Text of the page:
Over time, there were various revolts including the 1798 Rebellion, that is commemorated in the song The Minstrel Boy. The lyrics were written by Thomas Moore (1779-1852) based on The Moreen, an old Irish aire. The uprising was ruthlessly suppressed by the British, who then imposed direct rule from London. Even in modern times Northern Ireland has been administered in this fashion.
The deliberate impoverishment of the Irish resulted in squalid living conditions and their dependence on the potato for food. Repeated failures of the potato crop from 1845-1850 were due to the blight caused by Phytophthora infestan, and mass starvation loomed. The British response was largely ineffective and ultimately punitive. This resulted in the deaths of about a million Irish, forced evictions and the migration of another million. The song Skibbereen reflects the horror and suffering of this tragedy. It may be noted that England was the richest and most powerful nation in the world with a vast empire during this period. Emigration, primarily to America and Canada, continued unabated as many Irish sought a better life. CD tracks that recall this include Skibbereen, Leaving of Liverpool and An Irish Lullaby. Many of the Irish also ended up in Australia, but this was often a somewhat less voluntary departure, since the British used Australia as a penal colony from 1791-1853.
By the First World War, the Irish again had become restless and revolted on Easter Monday in 1916. The British responded severely in suppressing the rebellion, but the seeds were sown for ousting the British from most of Ireland. After the war, fighting started anew. The Irish Republican Army (IRA) fought a guerilla war and the British responded with undisciplined former soldiers who came to be called the Black and Tans. After much fighting, however, the IRA prevailed and the British partitioned Ireland and retained parts of six counties in the North, which continues to be a source of serious conflict. The track The Boys of the Old Brigade commemorates this victory.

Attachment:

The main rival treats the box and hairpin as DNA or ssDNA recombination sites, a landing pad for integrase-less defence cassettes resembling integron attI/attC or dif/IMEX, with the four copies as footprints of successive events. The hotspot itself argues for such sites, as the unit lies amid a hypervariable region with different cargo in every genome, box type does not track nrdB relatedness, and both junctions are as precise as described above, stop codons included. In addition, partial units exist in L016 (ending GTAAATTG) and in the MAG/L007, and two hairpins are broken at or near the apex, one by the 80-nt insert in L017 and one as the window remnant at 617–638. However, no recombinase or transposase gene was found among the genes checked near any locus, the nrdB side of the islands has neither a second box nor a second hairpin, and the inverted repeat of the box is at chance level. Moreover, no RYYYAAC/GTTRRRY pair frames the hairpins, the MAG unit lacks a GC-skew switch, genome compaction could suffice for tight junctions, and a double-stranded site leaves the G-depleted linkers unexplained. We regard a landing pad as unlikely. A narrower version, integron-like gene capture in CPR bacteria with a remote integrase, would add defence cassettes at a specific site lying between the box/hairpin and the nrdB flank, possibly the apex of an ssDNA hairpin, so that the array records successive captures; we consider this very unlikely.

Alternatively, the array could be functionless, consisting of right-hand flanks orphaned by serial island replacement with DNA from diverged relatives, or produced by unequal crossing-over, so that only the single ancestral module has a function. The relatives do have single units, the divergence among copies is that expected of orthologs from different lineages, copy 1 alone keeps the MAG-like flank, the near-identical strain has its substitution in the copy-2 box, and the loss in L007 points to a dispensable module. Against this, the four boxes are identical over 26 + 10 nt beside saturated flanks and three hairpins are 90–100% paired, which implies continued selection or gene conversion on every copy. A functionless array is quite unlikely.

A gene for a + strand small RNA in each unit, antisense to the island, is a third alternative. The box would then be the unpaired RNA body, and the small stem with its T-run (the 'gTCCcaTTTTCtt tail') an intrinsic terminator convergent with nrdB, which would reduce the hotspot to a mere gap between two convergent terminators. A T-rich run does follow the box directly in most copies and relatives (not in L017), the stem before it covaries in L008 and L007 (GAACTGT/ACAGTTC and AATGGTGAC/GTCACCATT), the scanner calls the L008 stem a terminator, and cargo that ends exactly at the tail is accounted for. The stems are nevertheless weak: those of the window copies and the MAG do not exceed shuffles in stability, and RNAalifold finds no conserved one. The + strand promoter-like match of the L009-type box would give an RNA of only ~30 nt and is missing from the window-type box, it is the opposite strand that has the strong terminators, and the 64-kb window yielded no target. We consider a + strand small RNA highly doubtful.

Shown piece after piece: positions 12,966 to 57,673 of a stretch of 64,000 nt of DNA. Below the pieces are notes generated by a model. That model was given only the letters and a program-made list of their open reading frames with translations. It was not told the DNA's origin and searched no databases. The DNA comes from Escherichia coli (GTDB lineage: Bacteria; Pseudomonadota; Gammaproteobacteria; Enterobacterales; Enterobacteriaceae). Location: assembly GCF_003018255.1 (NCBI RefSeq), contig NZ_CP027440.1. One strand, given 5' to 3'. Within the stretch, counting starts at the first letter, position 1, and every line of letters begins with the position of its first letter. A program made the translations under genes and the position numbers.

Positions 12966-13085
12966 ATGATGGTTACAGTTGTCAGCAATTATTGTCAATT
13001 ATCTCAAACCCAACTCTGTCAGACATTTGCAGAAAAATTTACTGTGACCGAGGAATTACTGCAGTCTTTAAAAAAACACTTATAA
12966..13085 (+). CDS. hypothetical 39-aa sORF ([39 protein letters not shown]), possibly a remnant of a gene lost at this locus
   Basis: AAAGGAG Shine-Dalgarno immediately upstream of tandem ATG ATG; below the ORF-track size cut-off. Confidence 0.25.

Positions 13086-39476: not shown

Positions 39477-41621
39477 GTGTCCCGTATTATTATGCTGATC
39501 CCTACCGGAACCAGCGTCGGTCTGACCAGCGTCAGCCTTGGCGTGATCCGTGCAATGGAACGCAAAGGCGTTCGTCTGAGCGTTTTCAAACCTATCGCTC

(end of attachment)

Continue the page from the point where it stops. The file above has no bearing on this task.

Let us now turn to happier songs without a lot of historical significance. The Kerry Dance and Old Maid in the Garret certainly fit into this category. We can travel to Wales for two lullabies, Suo Gan and All Through the Night and then go to Scotland for Green Grow the Rushes 0. We can also go on a journey by sea with Drunken Sailor combined with South Australia. Finally, there is Danny Boy, a song whose lyrics were written by an Englishman who needed an accompanying melody. The tune Aire for Derry, from Ireland of course, was sent to him by a relative in the United States and the result was Danny Boy. Talk about a journey!
Other tracks by Mary Behan Miller are also available on "Some Keltic, Some Knot" and "Keltic Beginnings" as a member of the group Keltic Kaleidoscope.
Check out the artist's website:
1. An Irish Lullaby
2. North Americay
3. Boys of the Old Brigade
4. O'Carolan's Draught
5. Suo Gan
6. Old Maid in the Garrett
7. Green Grow the Rushes, O
8. Drunken Sailor/South Australia
10. Kerry Dance
11. Leaving of Liverpool
12. George Brabazon
13. All Through the Night
14. Fanny Power
15. The Minstrel Boy
16. Danny Boy